What is EV/EBITDA and Why Does It Matter?

What is EV/EBITDA & Why Does It Matter?

EV/EBITDA or Enterprise multiple is a ratio that helps investors estimate a company’s value. The enterprise multiple considers the company in the same way that a potential acquirer would because it includes debt, which other ratios such as the P/E ratio do not. In other words, if an investor were to buy the entire company, this ratio would inform them how many times EBITDA they would have to pay.

The enterprise value of earnings before interest, taxes, depreciation, and amortization (EV/EBITDA) ratio differs across industries. EBITDA is a key metric of a company’s overall financial performance, while EV measures the company’s total value.

In general, EV/EBITDA ratios of less than 10 are considered safe. However, it is not the same across different industries. An effective way for investors to identify companies with the healthiest EV/EBITDA within a specific sector is to compare relative values among companies in the same industry. It is possible to determine if a sector or industry is currently undervalued or overvalued by comparing its current enterprise multiple to its historical average value.

Enterprise Value (EV)

Enterprise value is a metric to calculate a company’s total value. Some investors check a company’s market capitalization to know a company’s value, while others look at an enterprise value to know its worth. Investors often consider enterprise value rather than market capitalization because it provides a clearer view of a company’s actual value. Some people believe enterprise value gives more accurate data about a company’s actual value because it considers the amount of debt the company has and its cash reserves.

Investors calculate the enterprise value of a company by taking market capitalization, adding the total debt (including long-and short-term debt), and subtracting all cash and cash equivalents. The result shows how much money investors will need to buy the whole company.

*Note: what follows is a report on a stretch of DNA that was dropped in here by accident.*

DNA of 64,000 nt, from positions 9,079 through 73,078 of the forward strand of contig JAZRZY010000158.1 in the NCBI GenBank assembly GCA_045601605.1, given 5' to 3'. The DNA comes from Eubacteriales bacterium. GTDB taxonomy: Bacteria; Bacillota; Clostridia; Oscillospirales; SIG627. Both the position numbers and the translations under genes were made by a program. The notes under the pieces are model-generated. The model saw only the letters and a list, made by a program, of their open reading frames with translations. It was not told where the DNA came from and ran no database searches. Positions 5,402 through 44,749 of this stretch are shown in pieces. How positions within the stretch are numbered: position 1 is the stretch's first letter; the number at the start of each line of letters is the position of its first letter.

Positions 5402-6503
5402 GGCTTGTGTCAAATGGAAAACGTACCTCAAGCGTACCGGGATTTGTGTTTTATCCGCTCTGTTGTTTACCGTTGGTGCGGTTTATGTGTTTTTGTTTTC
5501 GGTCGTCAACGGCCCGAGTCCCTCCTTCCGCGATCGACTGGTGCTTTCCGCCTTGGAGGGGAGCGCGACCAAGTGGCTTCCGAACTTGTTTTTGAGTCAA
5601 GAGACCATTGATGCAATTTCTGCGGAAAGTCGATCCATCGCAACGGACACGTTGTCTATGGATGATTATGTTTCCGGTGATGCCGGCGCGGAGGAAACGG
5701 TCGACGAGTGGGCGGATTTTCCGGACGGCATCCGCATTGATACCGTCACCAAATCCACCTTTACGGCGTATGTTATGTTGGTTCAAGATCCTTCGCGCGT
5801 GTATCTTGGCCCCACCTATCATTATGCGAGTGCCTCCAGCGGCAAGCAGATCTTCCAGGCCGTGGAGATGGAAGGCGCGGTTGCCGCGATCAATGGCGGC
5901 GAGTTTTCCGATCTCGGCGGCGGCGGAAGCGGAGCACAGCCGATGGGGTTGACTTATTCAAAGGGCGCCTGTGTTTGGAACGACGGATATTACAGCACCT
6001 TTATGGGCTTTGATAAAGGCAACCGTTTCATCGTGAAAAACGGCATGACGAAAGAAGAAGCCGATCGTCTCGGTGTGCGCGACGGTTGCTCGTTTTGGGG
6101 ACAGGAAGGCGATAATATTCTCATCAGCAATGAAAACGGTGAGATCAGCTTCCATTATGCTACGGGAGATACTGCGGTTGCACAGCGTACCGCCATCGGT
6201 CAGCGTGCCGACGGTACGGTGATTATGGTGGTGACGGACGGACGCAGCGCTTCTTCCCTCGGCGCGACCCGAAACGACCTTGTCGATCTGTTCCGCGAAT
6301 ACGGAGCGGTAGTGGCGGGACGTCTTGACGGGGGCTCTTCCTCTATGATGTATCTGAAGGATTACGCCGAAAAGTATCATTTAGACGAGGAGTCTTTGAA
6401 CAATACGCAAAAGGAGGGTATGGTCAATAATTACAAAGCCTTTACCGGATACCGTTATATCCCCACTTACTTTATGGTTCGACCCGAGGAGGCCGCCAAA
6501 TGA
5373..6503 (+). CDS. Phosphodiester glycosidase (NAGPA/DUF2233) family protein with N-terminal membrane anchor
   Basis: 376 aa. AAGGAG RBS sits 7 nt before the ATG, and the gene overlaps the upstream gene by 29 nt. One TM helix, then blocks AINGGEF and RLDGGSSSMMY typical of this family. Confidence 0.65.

Earnings Before Interest, Taxes, Depreciation, and Amortization (EBITDA)

Investors often use EBITDA to measure a company’s financial performance and profitability. EBITDA can be easily found on a company’s balance sheet and income statement. Investors can compare a specific company to other industry averages and companies.

The EV/EBITDA Calculation

To calculate the EV/EBITDA ratio, you can divide EV by EBITDA (earnings before interest, taxes, and depreciation & amortization).

EV/EBITDA Example:

Let’s imagine company 1 and Company 2 are competing in the apparel industry that operates in Canada. Company 1 has an enterprise value of $100M and an EBITDA of $5M, while company 2 has an enterprise value of $200M and an EBITDA of $15M. Holding everything else constant, we can realize that company 2 is undervalued since it has a lower ratio than company 1.  Because, typically, the lower the EV/EBITDA, the cheaper the valuation for a company.

Company 1                                        Company 2
EV =  $100M                                                             EV = $200M
EBITDA = $5M                                                       EBITDA = $20M
EV/EBITDA = $100M/$5M = 20x                    EV/EBITDA = $200M/$20M = 10x

To read more about Islamic Finance related topics, please click here and visit our academy.

Also, feel free to sign up for our free stock screening services at musaffa.com.